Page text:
OROPHARYNGEAL AIRWAY (OPA)
The OPA is a J-shaped device that fits over the tongue to hold the soft hypopharyngeal structures and the tongue away from the posterior wall of the pharynx. OPA is used in individuals who are at risk for developing airway obstruction from the tongue or from relaxed upper airway muscle. A properly sized and inserted OPA results in proper alignment with the glottis opening. If efforts to open the airway fail to provide and maintain a clear, unobstructed airway, then use the OPA in unconscious victims. An OPA should not be used in a conscious or semiconscious individual, because it can stimulate gagging, vomiting, and possible aspiration. The key assessment to determine if an OPA can be placed is to check if the individual has an intact cough and gag reflex. If so, do not use an OPA.
NASOPHARYNGEAL AIRWAY (NPA)
The NPA is a soft rubber or plastic uncuffed tube that provides a conduit for airflow between the nares and the pharynx. It is used as an alternative to an OPA in individuals who need a basic airway management adjunct. Unlike the oral airway, NPAs may be used in conscious or semiconscious individuals (individuals with intact cough and gag reflex). The NPA is indicated when insertion of an OPA is technically difficult or dangerous. NPA placement can be facilitated by the use of a lubricant. Never force placement of the NPA as severe nosebleeds may occur. If it does not fit in one nare, try the other side. Use caution or avoid placing NPAs in individuals with obvious facial fractures.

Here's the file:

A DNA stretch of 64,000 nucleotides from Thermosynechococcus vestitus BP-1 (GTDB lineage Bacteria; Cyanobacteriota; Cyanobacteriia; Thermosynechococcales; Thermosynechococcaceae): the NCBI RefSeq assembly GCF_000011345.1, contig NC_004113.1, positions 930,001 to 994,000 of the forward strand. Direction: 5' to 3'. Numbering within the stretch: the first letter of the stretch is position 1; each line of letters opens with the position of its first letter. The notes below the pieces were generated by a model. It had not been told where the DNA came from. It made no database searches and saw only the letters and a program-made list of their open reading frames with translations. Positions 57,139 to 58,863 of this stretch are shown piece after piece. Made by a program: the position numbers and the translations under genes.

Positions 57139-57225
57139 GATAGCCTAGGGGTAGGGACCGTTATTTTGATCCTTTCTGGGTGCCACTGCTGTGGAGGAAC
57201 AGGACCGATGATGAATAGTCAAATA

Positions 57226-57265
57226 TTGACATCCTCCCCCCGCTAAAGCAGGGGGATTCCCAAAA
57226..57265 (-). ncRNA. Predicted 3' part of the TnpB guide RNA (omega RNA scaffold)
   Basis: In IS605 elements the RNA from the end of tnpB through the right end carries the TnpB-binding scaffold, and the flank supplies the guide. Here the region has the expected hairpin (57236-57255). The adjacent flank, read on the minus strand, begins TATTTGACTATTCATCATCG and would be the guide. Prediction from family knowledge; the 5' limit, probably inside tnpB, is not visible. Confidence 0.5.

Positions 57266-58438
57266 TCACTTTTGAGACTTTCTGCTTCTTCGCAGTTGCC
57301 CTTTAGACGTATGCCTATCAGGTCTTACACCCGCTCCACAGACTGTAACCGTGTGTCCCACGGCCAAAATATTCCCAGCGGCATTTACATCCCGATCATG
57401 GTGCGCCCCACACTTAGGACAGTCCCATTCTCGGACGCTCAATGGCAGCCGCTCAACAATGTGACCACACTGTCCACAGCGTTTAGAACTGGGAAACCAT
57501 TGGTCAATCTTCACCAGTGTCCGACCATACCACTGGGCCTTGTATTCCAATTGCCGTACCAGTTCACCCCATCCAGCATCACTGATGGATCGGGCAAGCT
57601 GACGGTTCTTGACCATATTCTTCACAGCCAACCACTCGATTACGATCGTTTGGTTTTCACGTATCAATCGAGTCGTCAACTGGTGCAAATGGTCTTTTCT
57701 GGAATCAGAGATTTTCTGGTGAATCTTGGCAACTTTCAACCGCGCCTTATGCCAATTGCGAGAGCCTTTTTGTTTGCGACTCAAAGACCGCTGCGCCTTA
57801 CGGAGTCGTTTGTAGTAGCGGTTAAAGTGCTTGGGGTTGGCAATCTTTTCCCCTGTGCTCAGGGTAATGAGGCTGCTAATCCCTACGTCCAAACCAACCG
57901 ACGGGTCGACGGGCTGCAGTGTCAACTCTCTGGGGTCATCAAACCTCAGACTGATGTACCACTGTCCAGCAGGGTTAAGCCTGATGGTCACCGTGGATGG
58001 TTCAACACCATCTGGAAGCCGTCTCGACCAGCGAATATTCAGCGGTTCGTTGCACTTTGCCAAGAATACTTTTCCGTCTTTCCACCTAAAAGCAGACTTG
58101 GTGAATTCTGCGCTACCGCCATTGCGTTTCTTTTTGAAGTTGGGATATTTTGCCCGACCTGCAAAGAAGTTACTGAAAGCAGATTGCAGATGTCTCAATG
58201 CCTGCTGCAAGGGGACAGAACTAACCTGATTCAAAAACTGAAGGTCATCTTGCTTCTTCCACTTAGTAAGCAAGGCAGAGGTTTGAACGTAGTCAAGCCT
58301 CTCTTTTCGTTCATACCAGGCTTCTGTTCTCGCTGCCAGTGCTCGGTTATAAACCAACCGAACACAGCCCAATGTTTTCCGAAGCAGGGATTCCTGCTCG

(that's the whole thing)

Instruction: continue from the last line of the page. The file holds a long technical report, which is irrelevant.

Suctioning is an essential component of maintaining a patent airway. Providers should suction the airway immediately if there are copious secretions, blood, or vomit. Attempts at suctioning should not exceed 10 seconds. To avoid hypoxemia, follow suctioning attempts with a short period of 100% oxygen administration. Monitor the individual’s heart rate, oxygen saturation, and clinical appearance during suctioning. If a change in monitoring parameters is seen, interrupt suctioning and administer oxygen until the heart rate returns to normal and until the clinical condition improves. Assist ventilation as warranted.
- Only use an OPA in unresponsive individuals with NO cough or gag reflex. Otherwise, an OPA may stimulate vomiting, laryngeal spasm, or aspiration.
- An NPA can be used in conscious individuals with intact cough and gag reflex. However, use carefully in individuals with facial trauma due to the risk of displacement.
- Keep in mind that the individual is not receiving 100% oxygen while suctioning. Interrupt suctioning and administer oxygen if any deterioration in clinical picture is observed during suctioning.